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Rare pieces of Cincinnati fine art on display at Museum Center on April 20

Cincinnati Museum Center presents Treasures of the Past: Cincinnati’s Historic Art, 1800-1930 opens April 20, premiere reception April 19.

Did you know that Cincinnati Museum Center has its very own fine art collection of more than 1,500 beautiful paintings, priceless watercolors, prints, engravings, lithographs and sculptures? These typically unseen works portray the historic artists, citizens, sites and the natural world around Cincinnati and southwest Ohio. Come relive the essence of our community’s heritage with this exclusive look at Museum Center’s fine art collection in the new exhibition, Treasures of the Past: Cincinnati’s Historic Art, 1800-1930!

Opening Friday, April 20, this exhibit shows the progression of our community from a frontier settlement to the thriving urban area which came to be known as the Queen City; a name coined because of Cincinnati’s position as the West’s eye of progression in industrialism and the arts.

“In addition to presenting Cincinnati as a center of art and culture, this exhibit demonstrates the important role that the Queen City played in the development and growth of the region and the United States,” says David Conzett, Cincinnati Museum Center’s curator of historic objects and fine art.

More than forty paintings by Cincinnati artists, Rookwood pottery and related historical artifacts create an exhibit to celebrate our heritage, the spectacular metamorphosis of our city and its widespread impact on the United States. Notable artists and objects in Treasures of the Past include Henry Mosler, Elizabeth Nourse, Caroline Lord, an oil painting of Fountain Square by Louis C. Vogt, a Rookwood Native American tile by Grace Young and several rare 1835 watercolors of Cincinnati scenes by John Caspar Wild.

The generosity of First Financial Bank has helped make this experience available to our community. “Cincinnati has always been a community that has supported arts and culture,” says Mike Cassani, First Financial’s executive vice president and chief wealth management officer. “It’s important that we not only preserve this impressive art collection, but continue to share it with new generations for years to come.”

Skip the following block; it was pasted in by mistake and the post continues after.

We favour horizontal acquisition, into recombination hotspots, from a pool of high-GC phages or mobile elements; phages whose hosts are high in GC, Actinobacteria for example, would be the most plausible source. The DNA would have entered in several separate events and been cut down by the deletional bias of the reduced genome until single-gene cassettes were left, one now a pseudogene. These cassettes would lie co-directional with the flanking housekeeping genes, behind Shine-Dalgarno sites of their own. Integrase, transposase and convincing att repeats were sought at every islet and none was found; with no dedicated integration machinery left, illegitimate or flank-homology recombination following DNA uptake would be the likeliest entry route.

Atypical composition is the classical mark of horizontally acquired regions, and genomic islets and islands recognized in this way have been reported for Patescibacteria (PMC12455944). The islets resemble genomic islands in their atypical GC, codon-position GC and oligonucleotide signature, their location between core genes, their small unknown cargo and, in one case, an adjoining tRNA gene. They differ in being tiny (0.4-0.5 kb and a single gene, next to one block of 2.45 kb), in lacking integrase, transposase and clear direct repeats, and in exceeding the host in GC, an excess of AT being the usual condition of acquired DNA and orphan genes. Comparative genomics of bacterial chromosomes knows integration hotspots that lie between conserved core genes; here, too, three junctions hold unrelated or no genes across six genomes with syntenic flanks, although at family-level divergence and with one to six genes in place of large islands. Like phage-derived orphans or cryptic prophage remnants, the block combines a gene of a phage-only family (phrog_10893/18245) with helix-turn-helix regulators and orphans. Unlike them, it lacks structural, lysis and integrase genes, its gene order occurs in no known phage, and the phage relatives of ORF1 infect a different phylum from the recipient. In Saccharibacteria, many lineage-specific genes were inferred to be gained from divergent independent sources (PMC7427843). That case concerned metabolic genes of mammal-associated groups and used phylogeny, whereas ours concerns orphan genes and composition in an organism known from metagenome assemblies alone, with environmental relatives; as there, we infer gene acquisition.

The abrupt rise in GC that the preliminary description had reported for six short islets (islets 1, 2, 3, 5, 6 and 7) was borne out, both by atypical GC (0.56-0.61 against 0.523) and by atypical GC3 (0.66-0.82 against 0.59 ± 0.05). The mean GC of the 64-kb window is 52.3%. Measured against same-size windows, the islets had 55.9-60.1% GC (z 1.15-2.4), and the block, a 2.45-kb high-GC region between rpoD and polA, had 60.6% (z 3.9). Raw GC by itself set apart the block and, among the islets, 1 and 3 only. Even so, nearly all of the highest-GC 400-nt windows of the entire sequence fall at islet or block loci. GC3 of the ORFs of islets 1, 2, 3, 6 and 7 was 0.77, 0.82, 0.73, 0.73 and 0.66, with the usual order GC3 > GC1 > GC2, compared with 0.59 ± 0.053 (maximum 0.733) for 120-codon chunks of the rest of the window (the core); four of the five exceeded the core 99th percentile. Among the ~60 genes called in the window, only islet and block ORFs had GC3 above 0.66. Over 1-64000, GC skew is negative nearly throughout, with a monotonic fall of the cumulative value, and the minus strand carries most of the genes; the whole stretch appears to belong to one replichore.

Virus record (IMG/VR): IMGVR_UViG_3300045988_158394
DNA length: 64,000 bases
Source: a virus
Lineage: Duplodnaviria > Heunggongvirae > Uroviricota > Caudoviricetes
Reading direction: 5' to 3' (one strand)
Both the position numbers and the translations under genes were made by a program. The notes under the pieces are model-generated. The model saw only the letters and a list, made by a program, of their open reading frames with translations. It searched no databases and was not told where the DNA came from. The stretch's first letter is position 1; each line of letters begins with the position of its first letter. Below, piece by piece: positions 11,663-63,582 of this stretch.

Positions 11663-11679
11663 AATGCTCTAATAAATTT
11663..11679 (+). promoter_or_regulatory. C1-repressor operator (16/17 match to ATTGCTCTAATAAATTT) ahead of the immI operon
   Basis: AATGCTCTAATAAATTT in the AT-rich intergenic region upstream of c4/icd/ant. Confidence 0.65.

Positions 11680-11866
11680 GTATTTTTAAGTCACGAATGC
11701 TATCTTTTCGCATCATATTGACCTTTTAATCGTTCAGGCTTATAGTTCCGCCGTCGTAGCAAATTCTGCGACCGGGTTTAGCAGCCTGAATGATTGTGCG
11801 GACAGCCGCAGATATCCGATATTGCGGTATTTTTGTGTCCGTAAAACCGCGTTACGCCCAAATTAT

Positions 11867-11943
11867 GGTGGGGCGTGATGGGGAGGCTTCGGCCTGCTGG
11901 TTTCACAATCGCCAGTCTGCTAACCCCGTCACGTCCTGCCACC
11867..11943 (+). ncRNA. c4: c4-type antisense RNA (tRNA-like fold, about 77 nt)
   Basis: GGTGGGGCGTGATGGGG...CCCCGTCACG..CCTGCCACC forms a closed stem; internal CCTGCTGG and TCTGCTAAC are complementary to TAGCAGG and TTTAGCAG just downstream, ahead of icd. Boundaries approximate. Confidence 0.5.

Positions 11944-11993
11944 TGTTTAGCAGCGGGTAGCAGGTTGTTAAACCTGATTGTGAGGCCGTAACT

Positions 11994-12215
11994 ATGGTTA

The exhibit opening will be preceded by a premiere reception, presented by the Cincinnati History Advisory Board, at 6 p.m. on Thursday, April 19. The reception will feature drinks and hors d’oeuvres held on Cincinnati Museum Center’s Public Landing, as well as an exclusive premiere viewing of the exhibit. Tickets for the reception are $60 per person and can be reserved by calling (513) 287-7074 or emailing [email protected]. Reservations are requested by April 13.

“After viewing this exhibit, I hope people come away with a better understanding of the remarkable contribution of earlier generations to the rich cultural heritage enjoyed by our community, much of which is housed at CMC,” says Phillip C. Long, board of trustees member and chair of the Collections Committee for Cincinnati Museum Center.

See Treasures of the Past: Cincinnati’s Historic Art, 1800-1930 in the Cincinnati History Museum until August 5. Admission is free for members or included with an All Museums Pass for $12.50 for adults and $8.50 for children.

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